worldcup 2010


Tuesday, 15 June 2010

Pressure on Brazil Soccer World Cup

Agence France-Presse . Johannesburg

The extraordinary crush of media and fans’ expectations has exerted even more pressure on Brazil to get off to a flying start against North Korea in their World Cup opener here today.

Such is the unrealistic demands heaped on the five-time world champions not only to win but in style that coach Dunga and his players are under excruciating scrutiny to produce the goods against the Asian minnows at Ellis Park Stadium.

Brazil go into their Group G match expected to come away with three points against the reclusive North Koreans in their first-ever encounter.

Brazil are ranked number one and North Korea, playing their first World Cup since their sensational debut in 1966, come in at 105, so the gulf between the rivals is monumental.

Dunga has not enamoured himself to the massed ranks of his country’s football media by banning reporters from training for the third time in a week ahead of their World Cup opener.

More than 400 media personnel are in South Africa to report on the squad’s every move, further heightening fractious relations ever since Dunga took charge of the team in 2006.

Dunga’s emphasis on work-rate and defensive duties has left the supporters of the ‘jogo bonito’ (beautiful game) fuming, but the World Cup-winning skipper is intent on forging the Brazil approach in his own image.

Dunga can point to just four defeats in his 55 games in charge as proof that his methods are bringing results.

But even though he has been successful in lifting the Copa America and Confederations Cup the media see the 1994 World Cup-winning skipper as a cautious individual whose team lacks flair.

Dunga remains defiant in the teeth of the hostility. ‘If we have to get down and dirty to win then we will - the important thing is to win,’ he said.

It is imperative that Brazil come away with nothing less than a win over North Korea as they have tough examinations to come in their ‘Group of Death’ against Portugal and Ivory Coast.

North Korea provide one of the intriguing stories of this World Cup.

It is their first World Cup tournament in 44 years when back in England they shocked the world with a 1-0 win over then two-time world champions Italy before going out after an epic 5-3 loss to Portugal in the quarter-finals.

The North Koreans go in with nothing to lose against the red-hot favourites, although there is a steely belief within the squad that they can prove an irritant to Brazil.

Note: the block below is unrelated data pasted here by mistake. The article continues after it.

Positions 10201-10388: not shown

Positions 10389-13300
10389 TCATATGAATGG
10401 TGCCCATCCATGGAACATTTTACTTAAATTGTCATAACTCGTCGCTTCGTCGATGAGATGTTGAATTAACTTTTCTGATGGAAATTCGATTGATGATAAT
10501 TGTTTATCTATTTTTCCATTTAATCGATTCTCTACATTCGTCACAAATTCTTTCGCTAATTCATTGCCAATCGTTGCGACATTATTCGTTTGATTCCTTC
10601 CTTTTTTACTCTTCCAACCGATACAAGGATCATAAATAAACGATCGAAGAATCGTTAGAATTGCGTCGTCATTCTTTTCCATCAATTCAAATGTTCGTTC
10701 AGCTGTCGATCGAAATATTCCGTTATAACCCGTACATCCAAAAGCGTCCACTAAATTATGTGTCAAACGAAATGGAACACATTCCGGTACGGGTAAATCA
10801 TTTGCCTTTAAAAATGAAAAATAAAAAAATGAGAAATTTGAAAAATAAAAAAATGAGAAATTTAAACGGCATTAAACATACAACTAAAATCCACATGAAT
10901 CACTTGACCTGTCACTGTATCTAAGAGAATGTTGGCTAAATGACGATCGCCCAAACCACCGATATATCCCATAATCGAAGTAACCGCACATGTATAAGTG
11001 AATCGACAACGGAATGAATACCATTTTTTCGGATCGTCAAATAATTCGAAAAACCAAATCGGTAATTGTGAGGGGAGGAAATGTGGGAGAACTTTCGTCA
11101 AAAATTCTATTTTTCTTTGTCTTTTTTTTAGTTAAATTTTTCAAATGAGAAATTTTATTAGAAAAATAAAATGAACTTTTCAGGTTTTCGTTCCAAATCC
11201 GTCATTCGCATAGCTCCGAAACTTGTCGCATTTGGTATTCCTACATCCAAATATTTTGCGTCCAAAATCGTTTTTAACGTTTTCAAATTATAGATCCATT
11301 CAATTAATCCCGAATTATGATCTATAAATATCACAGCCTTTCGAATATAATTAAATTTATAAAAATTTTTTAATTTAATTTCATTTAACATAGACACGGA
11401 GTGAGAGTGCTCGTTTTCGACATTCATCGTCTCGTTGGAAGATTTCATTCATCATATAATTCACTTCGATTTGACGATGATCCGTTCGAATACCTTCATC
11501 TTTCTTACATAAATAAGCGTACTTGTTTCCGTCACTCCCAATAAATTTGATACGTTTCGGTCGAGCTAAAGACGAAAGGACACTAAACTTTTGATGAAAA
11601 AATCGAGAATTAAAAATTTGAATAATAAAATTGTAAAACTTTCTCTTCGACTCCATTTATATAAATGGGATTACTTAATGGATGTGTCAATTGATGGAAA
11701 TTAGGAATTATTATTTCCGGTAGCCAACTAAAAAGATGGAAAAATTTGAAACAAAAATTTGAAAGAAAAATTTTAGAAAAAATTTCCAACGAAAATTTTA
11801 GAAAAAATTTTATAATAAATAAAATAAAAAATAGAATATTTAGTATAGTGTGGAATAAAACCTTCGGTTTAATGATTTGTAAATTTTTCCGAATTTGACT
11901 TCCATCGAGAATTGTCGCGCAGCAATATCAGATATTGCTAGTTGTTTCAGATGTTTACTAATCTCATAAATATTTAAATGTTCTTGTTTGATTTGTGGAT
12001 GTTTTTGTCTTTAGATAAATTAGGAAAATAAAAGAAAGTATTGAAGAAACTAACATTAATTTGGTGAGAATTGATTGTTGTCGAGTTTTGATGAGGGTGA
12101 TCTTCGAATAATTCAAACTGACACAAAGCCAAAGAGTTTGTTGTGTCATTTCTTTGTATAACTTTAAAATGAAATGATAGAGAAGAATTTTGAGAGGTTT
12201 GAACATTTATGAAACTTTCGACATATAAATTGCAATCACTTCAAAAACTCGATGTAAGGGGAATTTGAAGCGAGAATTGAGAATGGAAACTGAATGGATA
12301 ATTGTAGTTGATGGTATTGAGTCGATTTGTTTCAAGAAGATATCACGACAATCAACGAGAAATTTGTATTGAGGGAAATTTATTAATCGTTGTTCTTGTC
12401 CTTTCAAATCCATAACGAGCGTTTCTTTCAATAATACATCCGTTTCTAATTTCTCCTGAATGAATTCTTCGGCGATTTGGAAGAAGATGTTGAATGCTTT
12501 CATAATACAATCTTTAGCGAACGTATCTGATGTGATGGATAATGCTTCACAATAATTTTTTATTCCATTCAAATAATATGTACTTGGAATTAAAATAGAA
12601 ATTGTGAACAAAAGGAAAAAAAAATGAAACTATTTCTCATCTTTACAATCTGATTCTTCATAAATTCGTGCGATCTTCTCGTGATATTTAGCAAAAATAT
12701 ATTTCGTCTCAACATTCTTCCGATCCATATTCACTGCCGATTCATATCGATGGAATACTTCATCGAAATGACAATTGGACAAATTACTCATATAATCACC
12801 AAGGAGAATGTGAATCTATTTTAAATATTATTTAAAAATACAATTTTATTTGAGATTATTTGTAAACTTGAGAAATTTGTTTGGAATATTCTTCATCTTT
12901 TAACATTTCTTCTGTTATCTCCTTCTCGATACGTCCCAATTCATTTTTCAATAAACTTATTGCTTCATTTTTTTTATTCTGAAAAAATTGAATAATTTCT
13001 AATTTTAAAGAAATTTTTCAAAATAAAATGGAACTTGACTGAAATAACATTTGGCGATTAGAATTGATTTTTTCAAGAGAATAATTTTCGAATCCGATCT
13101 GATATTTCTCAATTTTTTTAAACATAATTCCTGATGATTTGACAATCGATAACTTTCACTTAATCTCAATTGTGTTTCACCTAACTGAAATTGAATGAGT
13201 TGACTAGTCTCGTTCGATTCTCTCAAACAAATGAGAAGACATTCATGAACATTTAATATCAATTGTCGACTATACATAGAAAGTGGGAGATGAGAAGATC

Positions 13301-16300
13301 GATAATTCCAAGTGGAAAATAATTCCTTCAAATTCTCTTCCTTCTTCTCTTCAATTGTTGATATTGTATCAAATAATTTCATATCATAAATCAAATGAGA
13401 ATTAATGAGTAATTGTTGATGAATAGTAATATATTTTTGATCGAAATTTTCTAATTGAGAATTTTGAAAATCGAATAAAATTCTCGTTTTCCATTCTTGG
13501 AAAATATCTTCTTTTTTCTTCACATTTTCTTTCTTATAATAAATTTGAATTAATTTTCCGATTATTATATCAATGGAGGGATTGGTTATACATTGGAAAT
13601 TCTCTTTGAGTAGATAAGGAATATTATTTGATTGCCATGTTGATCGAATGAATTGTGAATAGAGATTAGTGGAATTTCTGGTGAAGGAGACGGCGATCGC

Their best-known player Jong Tae-Se hopes his team can change the image of the isolated nation and believes they could topple mighty Brazil.

Striker Jong, who plays in Japan’s J-League, said: ‘We want to change the North Korean image. Our core mentality is like Germany, Germany’s spirit.

‘We’re brave. We can win against Brazil. (What) everybody thinks about that game is we can’t win but we have a brave heart and brave spirits.’

Dunga, Brazil media on rocky road

Agence France-Presse . Johannesburg

Brazil coach Dunga has been accused of giving his side a fourth World Cup opponent - the massed ranks of the country’s football media.

Reporters were up in arms on Sunday after Dunga banned reporters from training for the third time in a week, just two days before the South Americans face North Korea in their World Cup opener.

Brazilian Football Confederation official Rodrigo Paiva announced the decision amid speculation of a spat between players Daniel Alves and Julio Baptista on Friday after training.

But whatever the cause the 400-odd reporters who try to keep tabs on the aquad’s every move were decidedly unimpressed.

Relations have been fractious since Dunga took charge of the team in 2006.

Even though he has been successful in lifting the Copa America and Confederations Cup the media see the 1994 World Cup-winning skipper as a cautious individual whose team lacks flair.

Earlier this month Dunga complained ‘we have some 300 reporters from Brazil who are hoping we won’t win so that they can say they were right when they said he (Dunga) got lucky for the Copa America and Confederations Cup victories’.

Luis Prosperi, from Sao Paolo daily Jornal da Tarde, told AFP: ‘There are almost 400 reporters following Brazil and Dunga decided to create an unnecessary quarrel by making Saturday and Sunday training behind closed doors affairs right at the last minute. That didn’t suit anyone.

‘Dunga will have his motives - maybe to protect the team - but I don’t understand as this is not a tradition with Brazil (to keep the press out).

‘He has chosen the media as his main rival - not North Korea, Portugal or Ivory Coast,’ charged Prosperi.

Ari Ferreira, a photographer with Lance! sports daily, added that ‘Dunga must have problems with the press - I don’t know if with a particular person or everybody. But he has problems. It is very complicated to work around closed sessions. You don’t win matches like this.’

Eduardo Nicolau, a photographer with O Estado de Sao Paulo daily, added that ‘we are having major problems. We can’t arrange our schedule to cover other things and it’s making things tough on a daily basis.’

And Marcos Paulo Lima, of Correio Braziliense daily, believes that Dunga’s tactics could backfire as ‘it increases the risk of speculation’.

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